• Florida's citrus production is the lowest its been in eight decades. The past two decades have seen a downward trend in citrus production due to residential and commercial development, imports, and citrus greening. An incurable bacterial disease – citrus greening is one of the biggest threats to the U.S. citrus industry. Recently, a judge ordered the Florida Department of Agriculture to pay a $1.2 million compensation to a local commercial nursery after a jury determined that the department had destroyed more than 160,000 citrus trees in the 2000s while trying to stop the spread of citrus greening. The department argued that the nursery could have avoided the crop loss by putting the trees in greenhouses.
  • A deal has been reached with the U.S. Fish and Wildlife Service to rethink what is considered critical habitat for Florida manatees. This deal will require the USFWS to revise current critical habitat designations to include waterways that are frequented by manatees by September 12, 2024. Areas that are determined as critical habitats require special management and protection plans. The settlement comes after a lawsuit filed earlier in the year by environmental groups after a record-breaking number of 1,101 manatee deaths last year.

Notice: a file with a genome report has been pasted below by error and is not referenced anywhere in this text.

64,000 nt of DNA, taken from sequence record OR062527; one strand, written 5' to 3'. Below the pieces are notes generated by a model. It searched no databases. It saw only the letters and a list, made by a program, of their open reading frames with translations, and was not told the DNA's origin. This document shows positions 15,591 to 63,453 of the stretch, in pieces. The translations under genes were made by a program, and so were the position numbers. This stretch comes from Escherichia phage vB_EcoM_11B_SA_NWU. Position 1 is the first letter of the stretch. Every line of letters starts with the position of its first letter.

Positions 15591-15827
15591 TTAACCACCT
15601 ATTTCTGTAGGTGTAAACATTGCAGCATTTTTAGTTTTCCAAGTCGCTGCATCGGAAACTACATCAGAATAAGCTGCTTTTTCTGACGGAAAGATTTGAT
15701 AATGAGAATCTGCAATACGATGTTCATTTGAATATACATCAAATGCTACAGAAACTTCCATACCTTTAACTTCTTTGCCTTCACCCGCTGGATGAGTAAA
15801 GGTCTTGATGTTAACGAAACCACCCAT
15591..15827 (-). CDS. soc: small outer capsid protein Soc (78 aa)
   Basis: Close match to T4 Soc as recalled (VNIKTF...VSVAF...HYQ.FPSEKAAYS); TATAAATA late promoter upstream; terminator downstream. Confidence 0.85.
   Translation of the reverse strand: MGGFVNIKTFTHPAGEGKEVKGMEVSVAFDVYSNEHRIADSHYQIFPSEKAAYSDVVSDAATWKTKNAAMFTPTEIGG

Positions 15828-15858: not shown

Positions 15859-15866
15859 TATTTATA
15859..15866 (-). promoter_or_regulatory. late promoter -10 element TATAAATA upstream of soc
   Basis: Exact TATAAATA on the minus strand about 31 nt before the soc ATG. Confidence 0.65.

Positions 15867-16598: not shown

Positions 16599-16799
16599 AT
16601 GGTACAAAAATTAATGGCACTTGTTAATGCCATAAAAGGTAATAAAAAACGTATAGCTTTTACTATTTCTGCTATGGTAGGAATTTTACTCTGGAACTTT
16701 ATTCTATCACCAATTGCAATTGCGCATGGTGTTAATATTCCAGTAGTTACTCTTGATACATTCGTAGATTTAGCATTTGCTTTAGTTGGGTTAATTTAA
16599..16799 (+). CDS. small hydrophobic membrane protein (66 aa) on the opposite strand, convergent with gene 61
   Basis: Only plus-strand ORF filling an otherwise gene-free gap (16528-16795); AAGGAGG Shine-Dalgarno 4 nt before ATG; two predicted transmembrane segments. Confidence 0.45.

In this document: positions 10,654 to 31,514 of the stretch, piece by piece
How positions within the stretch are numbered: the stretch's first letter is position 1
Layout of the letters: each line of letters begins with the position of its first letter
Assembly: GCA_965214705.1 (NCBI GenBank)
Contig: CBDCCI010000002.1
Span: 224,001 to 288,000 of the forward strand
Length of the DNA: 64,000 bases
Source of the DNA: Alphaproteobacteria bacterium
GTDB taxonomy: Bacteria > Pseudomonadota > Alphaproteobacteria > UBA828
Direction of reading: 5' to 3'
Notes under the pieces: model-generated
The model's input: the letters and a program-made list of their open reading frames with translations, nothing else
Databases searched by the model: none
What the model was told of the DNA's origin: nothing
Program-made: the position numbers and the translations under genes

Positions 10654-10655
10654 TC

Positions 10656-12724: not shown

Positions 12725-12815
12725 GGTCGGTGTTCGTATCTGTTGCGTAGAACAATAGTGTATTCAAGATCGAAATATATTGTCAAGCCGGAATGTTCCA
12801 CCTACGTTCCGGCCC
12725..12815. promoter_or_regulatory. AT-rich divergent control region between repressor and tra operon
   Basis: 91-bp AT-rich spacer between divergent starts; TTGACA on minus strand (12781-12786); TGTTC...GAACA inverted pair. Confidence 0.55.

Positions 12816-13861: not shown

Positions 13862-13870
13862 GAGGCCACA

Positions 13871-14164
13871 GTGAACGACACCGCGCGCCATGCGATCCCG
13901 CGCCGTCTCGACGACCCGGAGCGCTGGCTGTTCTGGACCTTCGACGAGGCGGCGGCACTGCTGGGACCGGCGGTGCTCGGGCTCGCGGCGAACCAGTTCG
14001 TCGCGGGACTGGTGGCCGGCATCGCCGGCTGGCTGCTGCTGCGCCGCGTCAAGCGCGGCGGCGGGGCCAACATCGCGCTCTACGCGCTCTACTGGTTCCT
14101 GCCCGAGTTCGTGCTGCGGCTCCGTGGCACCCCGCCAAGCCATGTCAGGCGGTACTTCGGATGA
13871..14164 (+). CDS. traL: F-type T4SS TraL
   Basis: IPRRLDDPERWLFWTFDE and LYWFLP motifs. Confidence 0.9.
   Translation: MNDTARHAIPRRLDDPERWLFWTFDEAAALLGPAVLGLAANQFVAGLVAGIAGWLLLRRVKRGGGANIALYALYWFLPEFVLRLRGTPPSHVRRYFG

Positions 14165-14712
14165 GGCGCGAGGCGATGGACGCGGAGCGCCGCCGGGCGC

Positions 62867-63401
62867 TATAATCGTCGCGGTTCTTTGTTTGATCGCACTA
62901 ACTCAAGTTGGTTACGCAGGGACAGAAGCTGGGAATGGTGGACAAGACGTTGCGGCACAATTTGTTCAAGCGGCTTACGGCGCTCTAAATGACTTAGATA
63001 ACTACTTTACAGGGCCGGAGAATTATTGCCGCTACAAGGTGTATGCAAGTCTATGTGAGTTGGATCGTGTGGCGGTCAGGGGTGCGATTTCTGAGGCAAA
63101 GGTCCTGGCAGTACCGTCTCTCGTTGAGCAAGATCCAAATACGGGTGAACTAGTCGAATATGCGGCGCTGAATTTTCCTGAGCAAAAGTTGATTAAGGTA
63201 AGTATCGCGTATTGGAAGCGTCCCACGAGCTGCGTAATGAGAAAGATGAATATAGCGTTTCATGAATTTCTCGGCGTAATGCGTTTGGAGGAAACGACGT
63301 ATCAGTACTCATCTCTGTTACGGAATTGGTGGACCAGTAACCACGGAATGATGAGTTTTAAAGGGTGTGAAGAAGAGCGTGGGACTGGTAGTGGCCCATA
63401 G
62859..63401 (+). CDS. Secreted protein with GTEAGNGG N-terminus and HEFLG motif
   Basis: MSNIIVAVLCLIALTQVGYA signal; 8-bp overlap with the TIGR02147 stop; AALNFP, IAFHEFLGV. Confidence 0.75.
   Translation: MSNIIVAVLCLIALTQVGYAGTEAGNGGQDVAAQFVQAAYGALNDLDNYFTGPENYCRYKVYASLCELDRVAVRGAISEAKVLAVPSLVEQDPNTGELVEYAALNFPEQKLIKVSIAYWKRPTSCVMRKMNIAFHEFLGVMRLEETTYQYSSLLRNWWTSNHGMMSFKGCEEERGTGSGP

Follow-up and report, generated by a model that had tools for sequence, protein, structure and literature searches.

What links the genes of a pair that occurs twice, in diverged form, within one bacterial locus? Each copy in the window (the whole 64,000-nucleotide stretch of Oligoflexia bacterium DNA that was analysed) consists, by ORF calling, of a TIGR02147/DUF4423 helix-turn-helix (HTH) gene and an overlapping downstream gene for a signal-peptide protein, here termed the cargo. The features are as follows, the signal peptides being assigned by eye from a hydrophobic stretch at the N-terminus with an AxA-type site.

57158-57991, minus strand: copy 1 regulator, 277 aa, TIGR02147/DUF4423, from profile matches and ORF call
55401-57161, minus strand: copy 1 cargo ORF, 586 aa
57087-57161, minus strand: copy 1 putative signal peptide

• Last year, the state passed legislation requiring the DEP to conduct a vulnerability study and set aside millions of dollars for new infrastructure projects meant to protect Floridians from worsening sea level rise and flooding. A new piece of legislation recently signed into law by Gov. DeSantis will solidify the state’s Chief Resilience Officer position and require a statewide resilience plan. While the new legislation includes measures to mitigate impacts from sea level rise, environmental groups point out it doesn’t address cutting our fossil fuel emissions, which is the root cause of climate change.
  • Inspired by M-34, a 3-year-old black bear that wandered the dangerous path of I-4, a new wildlife underpass is being built beneath the highway between Tampa and Orlando with funding from the Florida Wildlife Corridor Act. With 287 bears and 21 panthers dying on the road last year, wildlife crossings can help species safely migrate throughout the state. Researchers from the University of Central Florida say more land still needs to be preserved around I-4 so animals can reach the crossing.